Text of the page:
War: U2 really needed to come up big for this record. The first couple albums had done ok but there was crisis along the way. This was a band on the verge of breakup and in the end they were able to channel that energy into their first mainstream success. Many of the songs you know such as "New Years Day" and "Sunday Bloody Sunday" but the album's strength in in the fact that there is very little filler. U2 would follow this with the live at Red Rocks concert video where Bono really steps into his own as a frontman.

The Joshua Tree: It's been called many things but it is still their mainstream high point. Lot's of great songs on here and some that have been played so much you may never want to hear them again. Side A is the hits starting with "Street Have No Name" still U2's finest moment. "Bullet the Blue Sky" may be U2's heaviest number predating something that Rage Against the Machine would do years later. Side B has some nice songs and a few clunkers, not a perfect album, but you can't deny its legacy.

No Line on the Horizon: Their most recent album is a more expiremental affair similar to The Unforgettable Fire. It has great anthemic moments but in the end quiets down and becomes very inward looking. Brian Eno and Daniel Lanois are brought in a full time songwriters on this one and you can hear the results in something like Fez/New Born that had Eno stamped all over it.

For the Fans

Pop: U2 have admitted that they didn't have enough time with this record and went to the trouble of recording a number of the songs for the Best of the 90's compilation. That is the difference with Zooropa. Zooropa was a no pressure exercise in trying to create something...where as Pop had a booked tour waiting for them. Some great moments on this record but it is usually when U2 stray away from the electronic sounds and get back to just creating good songs.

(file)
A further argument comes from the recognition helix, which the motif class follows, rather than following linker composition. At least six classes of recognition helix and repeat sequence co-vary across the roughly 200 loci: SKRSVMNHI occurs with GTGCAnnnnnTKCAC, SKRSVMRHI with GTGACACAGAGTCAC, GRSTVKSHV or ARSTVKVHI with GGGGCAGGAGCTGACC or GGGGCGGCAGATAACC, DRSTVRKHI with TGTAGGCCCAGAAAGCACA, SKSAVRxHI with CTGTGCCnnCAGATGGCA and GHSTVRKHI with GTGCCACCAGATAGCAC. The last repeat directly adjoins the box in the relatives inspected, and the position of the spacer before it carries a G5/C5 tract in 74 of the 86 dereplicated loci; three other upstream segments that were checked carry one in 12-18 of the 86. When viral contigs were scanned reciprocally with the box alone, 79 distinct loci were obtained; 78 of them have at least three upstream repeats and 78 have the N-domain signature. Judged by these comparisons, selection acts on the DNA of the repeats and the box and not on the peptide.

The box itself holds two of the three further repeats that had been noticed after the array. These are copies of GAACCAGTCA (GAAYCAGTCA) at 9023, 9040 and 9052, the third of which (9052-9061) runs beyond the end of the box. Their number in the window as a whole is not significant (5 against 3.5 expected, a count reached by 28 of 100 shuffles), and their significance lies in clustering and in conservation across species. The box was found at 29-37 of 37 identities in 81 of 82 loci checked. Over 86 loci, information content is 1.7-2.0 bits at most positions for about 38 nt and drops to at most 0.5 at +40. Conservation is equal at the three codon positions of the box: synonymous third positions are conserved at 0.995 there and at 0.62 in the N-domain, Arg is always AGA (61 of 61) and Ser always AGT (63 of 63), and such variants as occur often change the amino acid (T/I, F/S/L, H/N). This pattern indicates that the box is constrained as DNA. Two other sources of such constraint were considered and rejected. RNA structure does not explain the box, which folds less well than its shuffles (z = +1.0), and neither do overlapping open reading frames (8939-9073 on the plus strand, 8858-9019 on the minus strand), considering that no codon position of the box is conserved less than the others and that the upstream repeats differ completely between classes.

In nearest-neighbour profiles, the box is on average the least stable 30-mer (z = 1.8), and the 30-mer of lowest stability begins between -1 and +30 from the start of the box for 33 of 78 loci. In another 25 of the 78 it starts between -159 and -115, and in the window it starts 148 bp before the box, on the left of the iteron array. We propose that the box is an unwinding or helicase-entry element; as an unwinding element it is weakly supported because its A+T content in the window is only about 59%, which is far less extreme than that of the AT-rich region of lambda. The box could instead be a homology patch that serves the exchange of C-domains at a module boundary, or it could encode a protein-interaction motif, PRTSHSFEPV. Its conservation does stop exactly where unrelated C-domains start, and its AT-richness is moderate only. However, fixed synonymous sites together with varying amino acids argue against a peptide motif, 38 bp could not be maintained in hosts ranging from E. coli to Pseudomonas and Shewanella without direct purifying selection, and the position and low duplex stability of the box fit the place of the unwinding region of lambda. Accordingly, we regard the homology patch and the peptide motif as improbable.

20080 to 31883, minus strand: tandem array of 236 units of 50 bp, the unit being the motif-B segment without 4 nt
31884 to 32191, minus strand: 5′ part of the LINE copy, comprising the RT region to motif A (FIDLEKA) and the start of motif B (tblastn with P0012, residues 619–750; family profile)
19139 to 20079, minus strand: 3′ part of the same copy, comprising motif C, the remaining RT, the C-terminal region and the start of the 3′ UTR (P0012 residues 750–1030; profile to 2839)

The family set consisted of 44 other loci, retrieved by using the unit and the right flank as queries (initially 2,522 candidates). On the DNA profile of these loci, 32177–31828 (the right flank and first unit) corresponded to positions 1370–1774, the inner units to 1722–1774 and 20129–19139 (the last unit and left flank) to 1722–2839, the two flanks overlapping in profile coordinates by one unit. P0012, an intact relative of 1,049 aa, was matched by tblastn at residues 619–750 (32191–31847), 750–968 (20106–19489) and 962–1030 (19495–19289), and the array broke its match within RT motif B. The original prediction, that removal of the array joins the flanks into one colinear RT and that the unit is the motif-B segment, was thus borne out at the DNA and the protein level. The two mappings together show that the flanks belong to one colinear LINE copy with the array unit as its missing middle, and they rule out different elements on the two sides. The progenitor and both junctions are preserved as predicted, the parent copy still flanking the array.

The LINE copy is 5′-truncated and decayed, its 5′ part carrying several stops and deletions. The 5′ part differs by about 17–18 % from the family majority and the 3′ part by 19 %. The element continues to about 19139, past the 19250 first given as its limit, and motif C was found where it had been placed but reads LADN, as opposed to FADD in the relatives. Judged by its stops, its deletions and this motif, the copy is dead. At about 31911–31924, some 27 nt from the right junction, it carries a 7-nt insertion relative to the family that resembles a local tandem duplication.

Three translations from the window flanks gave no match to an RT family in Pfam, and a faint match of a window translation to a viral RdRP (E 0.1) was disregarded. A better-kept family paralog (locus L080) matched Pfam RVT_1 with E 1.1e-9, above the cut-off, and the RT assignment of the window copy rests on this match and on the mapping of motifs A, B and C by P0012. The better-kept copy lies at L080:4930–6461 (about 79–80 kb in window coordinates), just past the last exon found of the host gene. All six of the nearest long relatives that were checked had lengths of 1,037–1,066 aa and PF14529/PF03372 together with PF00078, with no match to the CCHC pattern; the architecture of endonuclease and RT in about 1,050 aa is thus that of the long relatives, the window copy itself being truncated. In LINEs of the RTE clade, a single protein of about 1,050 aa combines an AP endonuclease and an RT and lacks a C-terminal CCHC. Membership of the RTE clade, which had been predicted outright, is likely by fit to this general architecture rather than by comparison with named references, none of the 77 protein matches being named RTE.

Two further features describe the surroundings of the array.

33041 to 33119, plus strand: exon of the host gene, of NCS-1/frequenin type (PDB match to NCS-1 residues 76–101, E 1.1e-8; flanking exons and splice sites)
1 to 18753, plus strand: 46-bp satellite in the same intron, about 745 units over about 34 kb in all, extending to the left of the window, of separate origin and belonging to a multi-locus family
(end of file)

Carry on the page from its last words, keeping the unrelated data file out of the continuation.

October: Another hasty situation with a religious dynamic brought into the mix. Bono and company where heavily into evangelic christianity at the time which alienated non-christian bassist Adam Clayton and Manager Paul McGuiness. Add to it the old notion that you have all life to write your first record and two weeks for your second and this album falls a little short. Even the good songs are lacking something here. In the end it is U2's least accepted album and virtually hitless.